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Review 1, 4-9: In a BRIC House
Solos Out of Space
By Susan Yung
Copyright 2004 Susan Yung
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NEW YORK -- The dance
solo is an ideal genre for the uniquely gifted dancer, such as Baryshnikov
or Peter Boal, or charismatic choreographers like Trisha Brown or
Molissa Fenley, who don't need to rely on the automatic drama created
by another's presence. It's also, by necessity, an entry point into
choreography for young dancers with few resources. So it's often
those with the least experience tackling perhaps the most deceptively
difficult exercise in choreography. Seen April 2, five solos were
performed at Out of Space @ BRIC Studio, co-presented by BRIC (Brooklyn
Information & Culture) and Danspace Project and curated by Marya
Wethers. The studio, in Fort Greene adjacent to the Brooklyn Academy
of Music's Harvey Theater, is a cool surprise, a black box theater
with cafe tables. The setting provided a comfortable atmosphere
for these very personal statements.
Two pieces emerged as
the strongest physical expressions of emotion. At the start of "In
Degrees of Breath," Takemi Kitamura's actions were commanded by
her independent-minded limbs. Impressively coordinated and a rewardingly
intelligent performer, Kitamura moved in two directions at once,
eventually gaining control of her errant limbs. She softly lowered
her arms as if they were on pillows, and breathed with great calm,
and total control.
Christina May began
"Outside Of The Bud" curled over her legs, her body heaving with
anger or sorrow, and moved through poses suggesting a defensive
desperation. She plucked her hand away from her stomach, pointed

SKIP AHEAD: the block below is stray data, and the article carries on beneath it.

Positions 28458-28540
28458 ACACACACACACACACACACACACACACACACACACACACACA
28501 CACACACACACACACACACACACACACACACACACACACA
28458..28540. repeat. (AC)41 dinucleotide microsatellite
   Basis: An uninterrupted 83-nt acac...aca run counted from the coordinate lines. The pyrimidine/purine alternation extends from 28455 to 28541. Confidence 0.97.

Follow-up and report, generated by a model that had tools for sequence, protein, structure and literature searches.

her finger accusingly, and drew her hands across her neck and waist
menacingly. In a grey cotton dress with a lace collar, May seemed
the embodiment of innocence betrayed. Less effective was Jessi Scopp
performing Sharon Estacio's "Undergrowth," in which she appeared
to be in a daze, moving her limbs and hands stiffly. The piano music
by Debussy provided drama, but the movement was no match.
In "She holds it up
straight in front of her & marches around Man with it," Eleanor
Bauer came off as a compelling stage presence navigating terrain
that has, in recent seasons, become familiar: noise as sound, and
the use of the entire theater, including non-stage areas, for performance.
Bauer entered from the back of the house in a natty cocktail dress
and heels, which she shed after walking the edge of the dais like
a balance beam. She lay down, seemingly ignorant of our presence,
and curled onto her side like an odalisque, gaining a sudden self-consciousness.
Bauer recruited composer Chris Peck, situated onstage with his equipment,
to join her in a sort of Simon Says. Peck has become a fixture among
dance composers -- I just saw a David Dorfman piece with his scoring
-- but I confess to dreading his eardrum-blowing noise levels, which
at a certain point become abusive.
Layard Thompson's "Event
Horizon" began promisingly, with Thompson wrapped mummy-style, tethered
to a pole, a video of an ocean horizon on screen. But after Thompson
unbound himself (as we knew he must) and the piece of fabric was
stretched across the stage, his draggy-footed circles and faint
gestures repeated one too many times, to the point of irritation.
Another thing about solos: Not enough can be said in praise of editing.
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